Grin And Bear It

DENVER, COLORADO | There was a certain Nicklaus family symmetry on display at the U.S. Amateur at Cherry Hills Country Club last week, as Gary Nicklaus tried to qualify for the match play portion at a site his father helped make famous.
It was in 1960, in what the legendary golf writer Herbert Warren Wind called “the wildest open ever,” that a 20-year-old Jack Nicklaus announced himself to the world with a stunning performance that still resonates 50-plus years later.
The reigning U.S. Amateur champion at the time, Nicklaus was playing in his fourth U.S. Open, and he led briefly on the back nine of the final round before a pair of ill-timed three-putts derailed him. Meanwhile, Arnold Palmer famously drove the first green on the way to six birdies in the first seven holes and a final-round 65. Palmer won that day, but Nicklaus finished second while recording the best amateur performance in an Open since Johnny Goodman won in 1933.
Nicklaus went on to win 18 major championships and become, by acclamation, the greatest ever. He would also become a major champion at home, siring four boys and a girl and arranging his schedule around their youthful sports and activities at home in Florida.
Gary Nicklaus, the fourth child, wasn’t just going to be the next Nicklaus; he was going to be the Nicklaus to become the next Nicklaus. At 16, he was on the cover of Sports Illustrated, and his father conjectured that one day the youngster would break all of his records.
Things didn’t quite work out that way. Gary turned pro in 1991 after an undistinguished golf career at his dad’s alma mater, Ohio State, and he chased the pro game around the globe, trying to live up to the name and the advance billing. It took nine attempts for him to graduate from PGA Tour Qualifying School, and he held his card for three largely unproductive years. Finally, when the game was no longer fun, he set aside the dream in 2002.
The younger Nicklaus’ appearance at Cherry Hills, his sixth in the Amateur, also closed the circle on his aborted effort to play the 1990 championship there, the year that Phil Mickelson won. Shortly after arriving in Denver that August, he was hospitalized with heart attack-like symptoms, and he spent the entire week in the hospital. It wasn’t a heart attack, but rather a condition that caused inflammation of the sac surrounding the heart. Nonetheless, it cost him his shot at that Cherry Hills U. S. Amateur.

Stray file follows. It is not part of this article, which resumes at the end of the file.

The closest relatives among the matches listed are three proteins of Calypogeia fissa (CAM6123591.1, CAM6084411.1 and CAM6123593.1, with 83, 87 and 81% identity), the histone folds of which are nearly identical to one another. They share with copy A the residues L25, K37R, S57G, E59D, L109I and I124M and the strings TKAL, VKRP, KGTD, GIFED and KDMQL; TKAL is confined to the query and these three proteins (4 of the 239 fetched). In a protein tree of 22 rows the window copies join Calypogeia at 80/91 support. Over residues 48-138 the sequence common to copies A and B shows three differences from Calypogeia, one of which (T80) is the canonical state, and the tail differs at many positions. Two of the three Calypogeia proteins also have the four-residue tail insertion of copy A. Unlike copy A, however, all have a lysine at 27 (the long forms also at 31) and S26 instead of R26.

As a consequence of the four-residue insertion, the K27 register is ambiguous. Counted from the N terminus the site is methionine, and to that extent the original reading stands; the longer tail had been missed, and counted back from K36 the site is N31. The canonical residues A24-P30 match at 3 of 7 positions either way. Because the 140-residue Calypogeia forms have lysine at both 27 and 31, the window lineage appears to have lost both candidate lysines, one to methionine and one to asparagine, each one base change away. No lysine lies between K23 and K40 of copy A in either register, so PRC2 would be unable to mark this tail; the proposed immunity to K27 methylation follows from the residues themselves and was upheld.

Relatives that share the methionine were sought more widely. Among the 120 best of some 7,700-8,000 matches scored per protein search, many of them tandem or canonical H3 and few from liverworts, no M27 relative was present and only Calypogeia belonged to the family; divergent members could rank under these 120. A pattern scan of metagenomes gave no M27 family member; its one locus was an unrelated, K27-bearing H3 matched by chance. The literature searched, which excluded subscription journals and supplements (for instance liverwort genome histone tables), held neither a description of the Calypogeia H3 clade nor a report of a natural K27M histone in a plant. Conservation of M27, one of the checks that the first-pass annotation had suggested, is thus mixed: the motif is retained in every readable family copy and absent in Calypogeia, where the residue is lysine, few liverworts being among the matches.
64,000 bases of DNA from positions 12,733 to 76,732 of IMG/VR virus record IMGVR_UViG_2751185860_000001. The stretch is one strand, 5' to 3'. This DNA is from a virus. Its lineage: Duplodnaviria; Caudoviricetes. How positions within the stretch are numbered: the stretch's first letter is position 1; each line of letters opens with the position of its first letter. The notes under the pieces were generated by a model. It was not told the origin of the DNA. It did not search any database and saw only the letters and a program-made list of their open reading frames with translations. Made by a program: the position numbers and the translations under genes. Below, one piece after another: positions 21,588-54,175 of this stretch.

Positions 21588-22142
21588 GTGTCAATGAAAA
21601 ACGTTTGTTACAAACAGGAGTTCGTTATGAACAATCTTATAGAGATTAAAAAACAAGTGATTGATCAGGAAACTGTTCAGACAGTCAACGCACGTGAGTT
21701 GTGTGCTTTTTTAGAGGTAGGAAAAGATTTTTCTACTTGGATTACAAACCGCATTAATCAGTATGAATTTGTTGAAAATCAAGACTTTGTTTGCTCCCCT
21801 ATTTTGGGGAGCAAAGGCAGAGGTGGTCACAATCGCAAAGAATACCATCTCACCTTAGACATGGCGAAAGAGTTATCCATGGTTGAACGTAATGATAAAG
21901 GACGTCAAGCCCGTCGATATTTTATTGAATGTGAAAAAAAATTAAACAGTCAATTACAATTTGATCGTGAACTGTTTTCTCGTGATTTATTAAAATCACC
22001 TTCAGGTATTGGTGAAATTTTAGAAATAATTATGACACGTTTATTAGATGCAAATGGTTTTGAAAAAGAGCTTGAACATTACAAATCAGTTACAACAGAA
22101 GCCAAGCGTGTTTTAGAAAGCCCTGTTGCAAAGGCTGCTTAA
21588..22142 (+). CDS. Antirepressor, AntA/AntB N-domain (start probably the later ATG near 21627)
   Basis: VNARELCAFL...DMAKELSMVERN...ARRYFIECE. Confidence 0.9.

Now 43, Gary is a reinstated amateur and working for the family golf course design business. He dabbles on the mid-amateur circuit, mostly in Palm Beach County, facing the challenges all mid-amateurs deal with.
“When I first got my amateur status back, I was excited,” Nicklaus said on the Nicklaus golf website. “I played in a couple of local events, and I did well. I have a family, I have a job, so it’s hard to go out and practice as much as you should if you want to be good. There are other choices you have to make. This is my first tournament on a national stage in over 10 years, so it’s a different mindset. It’s a little more exciting. Nothing against our county amateur, but the U.S. Amateur is a different deal.”
Gary was a celebrity at Cherry Hills. He is the spitting image of his father, in size, stature and look. He got off to a rough start, playing the first seven holes of his first round in 4-over par. He righted the ship with four straight birdies on holes 8-11, and posted a 1-over-par 71 at the CommonGround GC. He had a chance to make the cut as the second round began, but his old putting woes got in the way. “Frustrating” is how he characterized his 3-over-par 74 at Cherry Hills, and he was left to hope for afternoon winds to help his cause. The help didn’t arrive, and he missed the stroke-play cut by two shots.
Gary’s parents were on hand last week, walking all 36 holes of qualifying, doing their best not to be conspicuous or a distraction. There was poignancy about seeing the Golden Bear striding ever purposefully on the golf course that was so important in the legend making all those many years ago. Jack, who avenged his 1960 loss with a Senior Open win at Cherry Hills in 1993, largely kept to himself and focused on the golf. Barbara, per usual, engaged with and charmed all who came within her range.
This won’t be Gary’s only USGA appearance this year. He recently qualified for the U.S. Mid-Amateur, to be played in Chicago this fall. He observed that this effort might whet his appetite for more national competition. When asked what it will take to succeed against guys his own age, his reply was simple: “Putt better.”
The elder Nicklaus says he is done with the pro game for the foreseeable future, but he smiled when asked about the Champions Tour. The smile answered the question succinctly.
He had, after all, turned 72 in January.


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